Most of the focus going into Sunday’s matchup with the Chiefs will center on tight end Travis Kelce and receiver Tyreek Hill, and for good reason. Kelce is probably the best tight end in the league right now and Hill may be the fastest, most explosive player at any position in the league. Kelce is Alex Smith’s ever-reliable safety blanket across the middle on third down who can also create explosive vertical plays, while Hill can beat you in a multitude of ways, as a receiver, on jet sweeps out of the backfield, and of course in the return game.
As of right now Kelce ranks sixth in the league in receiving yards while Hill is right behind him at seventh. The Cowboys defense will clearly have their hands full with these two on Sunday, and if that wasn’t enough you can throw in the league’s fifth leading rusher in Kareem Hunt. I could’ve easily written this article about any of those three dynamic offensive players but I’m choosing to go in a different direction.
Sure, if the Cowboys want to keep the Kansas City offense under wraps they will have to contain at least one or two, if not all three of those players. But what is the best strategy for truly slowing down this offense?
A strong pass rush would certainly help, but with this much talent at the skill positions you feel like it’s inevitable that they’ll make a few plays. So what must the Cowboys do?
Most of you out there know where I’m going with this, and that’s with the Cowboys tried and true method over the last few seasons of using their offense to protect their defense and keep them off the field by extending drives and dominating the time of possession.
This Sunday will be no different.
Kansas City ranks fifth worst in the league in rushing yards allowed per game, giving up just over 131 per contest. The team behind ranked just in front of them?
The Green Bay Packers.
And the team right behind them?
The San Francisco 49ers.
Those would be two of the Cowboys last three opponents, each of whom were tuned up by the Dallas ground game, with the Packers giving up over 150 yards and the 49ers giving up over 200.
The Chiefs will obviously have opportunities with the ball and when they do the defense must do everything they can to contain Kelce, Hill, and Hunt, but if the Cowboys truly want to stop this offense they will have to do with it their own offense, just like they have so many times in their recent history.
And the key to that Chiefs defense?
None other than outside linebacker/edge rusher Justin Houston.
A powerful presence off the edge, Houston combines excellent technique and a variety of pass-rush moves with very strong hands and good, if not great, speed and burst. With Dee Ford out Houston will be the only credible edge rusher on the field, and when you consider that his 7.5 sacks on the season is only 3.5 behind his teammates’ combined total of 10.5 (2 of which are from Ford) you begin to understand how important he is to their defense. Throw in the fact that he has a ridiculous 11 TFL, with nobody else on the team having more than four, and it becomes obvious how reliant the Chiefs are on his play.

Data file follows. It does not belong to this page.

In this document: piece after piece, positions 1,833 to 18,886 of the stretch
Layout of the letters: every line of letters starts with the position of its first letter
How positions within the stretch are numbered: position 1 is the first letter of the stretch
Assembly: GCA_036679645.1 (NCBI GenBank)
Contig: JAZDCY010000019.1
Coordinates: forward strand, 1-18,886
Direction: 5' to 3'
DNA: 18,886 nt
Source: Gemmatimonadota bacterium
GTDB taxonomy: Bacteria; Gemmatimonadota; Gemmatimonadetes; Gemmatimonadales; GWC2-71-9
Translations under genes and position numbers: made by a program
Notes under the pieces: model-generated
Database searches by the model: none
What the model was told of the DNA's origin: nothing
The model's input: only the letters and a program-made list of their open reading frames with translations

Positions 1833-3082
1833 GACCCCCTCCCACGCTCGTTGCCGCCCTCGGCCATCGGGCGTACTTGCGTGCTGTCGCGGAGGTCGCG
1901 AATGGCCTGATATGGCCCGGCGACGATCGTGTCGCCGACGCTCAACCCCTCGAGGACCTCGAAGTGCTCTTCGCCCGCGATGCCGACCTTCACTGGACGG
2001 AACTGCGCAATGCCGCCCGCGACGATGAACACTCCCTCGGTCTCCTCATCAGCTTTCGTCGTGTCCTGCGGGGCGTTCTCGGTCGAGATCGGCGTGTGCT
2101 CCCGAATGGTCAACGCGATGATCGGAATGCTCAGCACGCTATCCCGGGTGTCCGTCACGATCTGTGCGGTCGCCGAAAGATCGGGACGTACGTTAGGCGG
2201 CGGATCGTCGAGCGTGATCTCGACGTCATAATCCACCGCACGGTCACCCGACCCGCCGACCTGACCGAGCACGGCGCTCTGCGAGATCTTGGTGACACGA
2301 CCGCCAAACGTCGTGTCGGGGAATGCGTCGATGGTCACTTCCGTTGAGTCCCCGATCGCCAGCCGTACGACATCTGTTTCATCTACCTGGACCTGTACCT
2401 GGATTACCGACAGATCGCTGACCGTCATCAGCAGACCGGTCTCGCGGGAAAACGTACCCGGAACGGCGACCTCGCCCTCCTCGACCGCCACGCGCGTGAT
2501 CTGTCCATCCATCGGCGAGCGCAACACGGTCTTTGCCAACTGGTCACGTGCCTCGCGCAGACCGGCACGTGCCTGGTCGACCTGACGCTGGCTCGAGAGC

He’s basically their Demarcus Lawrence, if there was no David Irving.
Of course Houston isn’t only an excellent pass-rusher but he is also a presence against the run with the ability to set the edge with power at the point of attack. If the Chiefs have any hope of slowing down the Dallas offense they will need a huge game from Houston, and conversely, if the Cowboys are able to limit his impact they should be able to move the ball consistently and of course keep the Kansas City offense on the sideline.
It’s now en vogue around the league to put your best pass-rusher on the left side of the formation to go against the opponent's right tackle and that’s exactly what the Chiefs do with Houston, which means he will mostly be matched up with La’el Collins. This isn’t the first huge test Collins has faced this year, having gone up against Jason Pierre-Paul in Week 1, Von Miller in Week 2, Chandler Jones and Markus Golden in Week 3, and Ryan Kerrigan last week.
It’s been a mixed bag with Collins, for the most part it seems like he’s held his own, certainly in the run game, but he has also given up plenty of splash plays in the form of pressures and sacks, usually due to sloppy technique and poor hand use. This will be yet another momentous test for the new right tackle and if he can win his individual matchup it may very well mean that the Cowboys win the game.
The good thing, as mentioned previously, is that Houston’s bookend in Ford is out, which means that the Cowboys can slide protections towards Houston and give Collins help in the form of a tight end or chipping running back. He shouldn’t be out on an island against Houston for 50+ snaps and it’ll be interesting to keep an eye on how Dallas looks to attack him.
Either way, this is a matchup Cowboys fans must keep an eye on once Sunday rolls around. It’ll be yet another step in the education of Collins at right tackle, and hopefully one that he will be able to draw on battles from the last month or two in order to win.